AJC Seattle Jewish Film Festival’s Haunting DocumentaryMarch 16th, 2011 | Posted by in Film Festivals
With the AJC Seattle Jewish Film Festival in full swing here in the emerald city, one of the most talked about films is the Yael Hersonski directed feature, A Film Unfinished. This 2010 documentary focuses on a Nazi propaganda film shot entirely within the three square miles of the Warsaw ghetto, which was essentially a holding pen for an estimated 300,000 Jews before they were ultimately transported to the Treblinka extermination camp. This hour long collection of footage, simply labeled Das Ghetto, was shot in the month of May in 1942, only two months before the deportations began. Although long believed to be accurate representation of life within the ghetto walls, Hersonski skillfully strips away the allusions, revealing the falsities of the film.
SJFF director Pamela Lavitt and University of Washington professor Richard Block, of the Germanics Department, introduced the Seattle screening. Block gave the audience a slight idea of what to expect with this moving documentary, however, the images and video clips themselves were far more disturbing than anyone could have realized.
Brief clips taken from Das Ghetto are shown with audio from a taped interview with Willy Wist, one of the cameramen who filmed Das Ghetto, readings from the daily journals of Adam Cherniakov, the head of the Warsaw Ghetto’s Jewish Council who worked closely with the Germans before taking his own life, and the painfully detailed reports of the ghetto commissioner Heins Auerswald. The most moving, however, are the filmed reactions of five survivors who watch the clips with faces full of recognition. For the viewers in Seattle, these camps are something so horrific they are unimaginable. For the survivors on the screen, they are able to recognize streets, buildings and bodies. One woman described how as a child she was immune to the corpses, the piles of feces and the brutality of the German soldiers; however, when watching the film now, she broke down. “I am happy to cry now. I cry now because I am human again” the subtitles read.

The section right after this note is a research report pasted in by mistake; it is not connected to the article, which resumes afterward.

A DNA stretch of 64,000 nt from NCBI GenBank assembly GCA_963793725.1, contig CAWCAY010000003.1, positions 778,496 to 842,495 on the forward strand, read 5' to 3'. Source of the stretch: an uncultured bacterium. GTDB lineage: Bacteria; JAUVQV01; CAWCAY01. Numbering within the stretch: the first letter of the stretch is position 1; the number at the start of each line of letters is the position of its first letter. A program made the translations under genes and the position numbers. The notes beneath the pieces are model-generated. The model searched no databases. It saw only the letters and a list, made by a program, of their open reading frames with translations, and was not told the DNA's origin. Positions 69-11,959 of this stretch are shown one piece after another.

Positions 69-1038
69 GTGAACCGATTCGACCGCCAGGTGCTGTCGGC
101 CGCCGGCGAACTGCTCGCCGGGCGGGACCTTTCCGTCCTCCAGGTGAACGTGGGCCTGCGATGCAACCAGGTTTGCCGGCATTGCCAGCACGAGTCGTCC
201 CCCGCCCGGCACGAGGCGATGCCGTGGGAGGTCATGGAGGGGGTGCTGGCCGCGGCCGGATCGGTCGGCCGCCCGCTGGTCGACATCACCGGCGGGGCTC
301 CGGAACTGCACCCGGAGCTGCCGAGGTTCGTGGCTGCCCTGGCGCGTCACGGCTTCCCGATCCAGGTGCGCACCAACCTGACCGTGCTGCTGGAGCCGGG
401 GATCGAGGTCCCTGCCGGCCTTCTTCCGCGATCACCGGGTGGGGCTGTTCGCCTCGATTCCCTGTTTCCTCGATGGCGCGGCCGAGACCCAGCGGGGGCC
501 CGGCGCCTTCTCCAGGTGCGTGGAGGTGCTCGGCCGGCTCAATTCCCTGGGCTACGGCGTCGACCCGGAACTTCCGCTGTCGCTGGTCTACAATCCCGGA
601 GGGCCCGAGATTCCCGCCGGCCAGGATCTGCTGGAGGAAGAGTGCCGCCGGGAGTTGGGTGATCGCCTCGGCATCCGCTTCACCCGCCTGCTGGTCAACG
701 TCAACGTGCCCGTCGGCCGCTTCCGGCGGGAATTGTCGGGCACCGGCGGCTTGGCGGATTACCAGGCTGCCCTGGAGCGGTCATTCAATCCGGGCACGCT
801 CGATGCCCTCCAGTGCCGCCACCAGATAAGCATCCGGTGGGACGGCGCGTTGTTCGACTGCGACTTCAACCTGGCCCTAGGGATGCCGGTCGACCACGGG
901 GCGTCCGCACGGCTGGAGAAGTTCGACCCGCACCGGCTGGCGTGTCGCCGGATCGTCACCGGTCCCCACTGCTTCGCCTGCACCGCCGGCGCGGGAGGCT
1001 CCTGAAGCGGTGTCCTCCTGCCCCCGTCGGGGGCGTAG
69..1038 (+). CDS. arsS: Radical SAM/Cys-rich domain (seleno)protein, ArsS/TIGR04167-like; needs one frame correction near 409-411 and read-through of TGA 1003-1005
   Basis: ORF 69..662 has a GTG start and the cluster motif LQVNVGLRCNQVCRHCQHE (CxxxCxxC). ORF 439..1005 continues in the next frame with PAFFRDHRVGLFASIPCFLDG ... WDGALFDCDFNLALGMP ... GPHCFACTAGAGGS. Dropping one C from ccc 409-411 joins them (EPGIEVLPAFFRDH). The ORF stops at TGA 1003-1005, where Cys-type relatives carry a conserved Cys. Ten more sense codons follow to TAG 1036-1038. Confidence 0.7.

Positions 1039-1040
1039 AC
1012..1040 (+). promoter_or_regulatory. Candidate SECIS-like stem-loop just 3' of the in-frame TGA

The film was the winner of the Sundance Film Festival’s World Cinema Documentary Editing award, and rightfully so, editor Joëlle Alexis does an amazing job seamlessly linking the choppy films excerpts with survivor reactions. The musical score, done by Ishai Adar, was also a crucial element. Similar with its emotional draw to a suspense or thriller soundtrack, the music seems to reach beyond the end of the film, causing viewers to know without a doubt the future of the people they are witnessing.
A Film Unfinished is a haunting, and beautifully done, documentary that truly is a fantastic piece of historic record. Have any of you film fans seen A Film Unfinished? What were your thoughts? For those Seattle movie lovers, have you seen any of the SJFF this last week? Any favorites picked so far?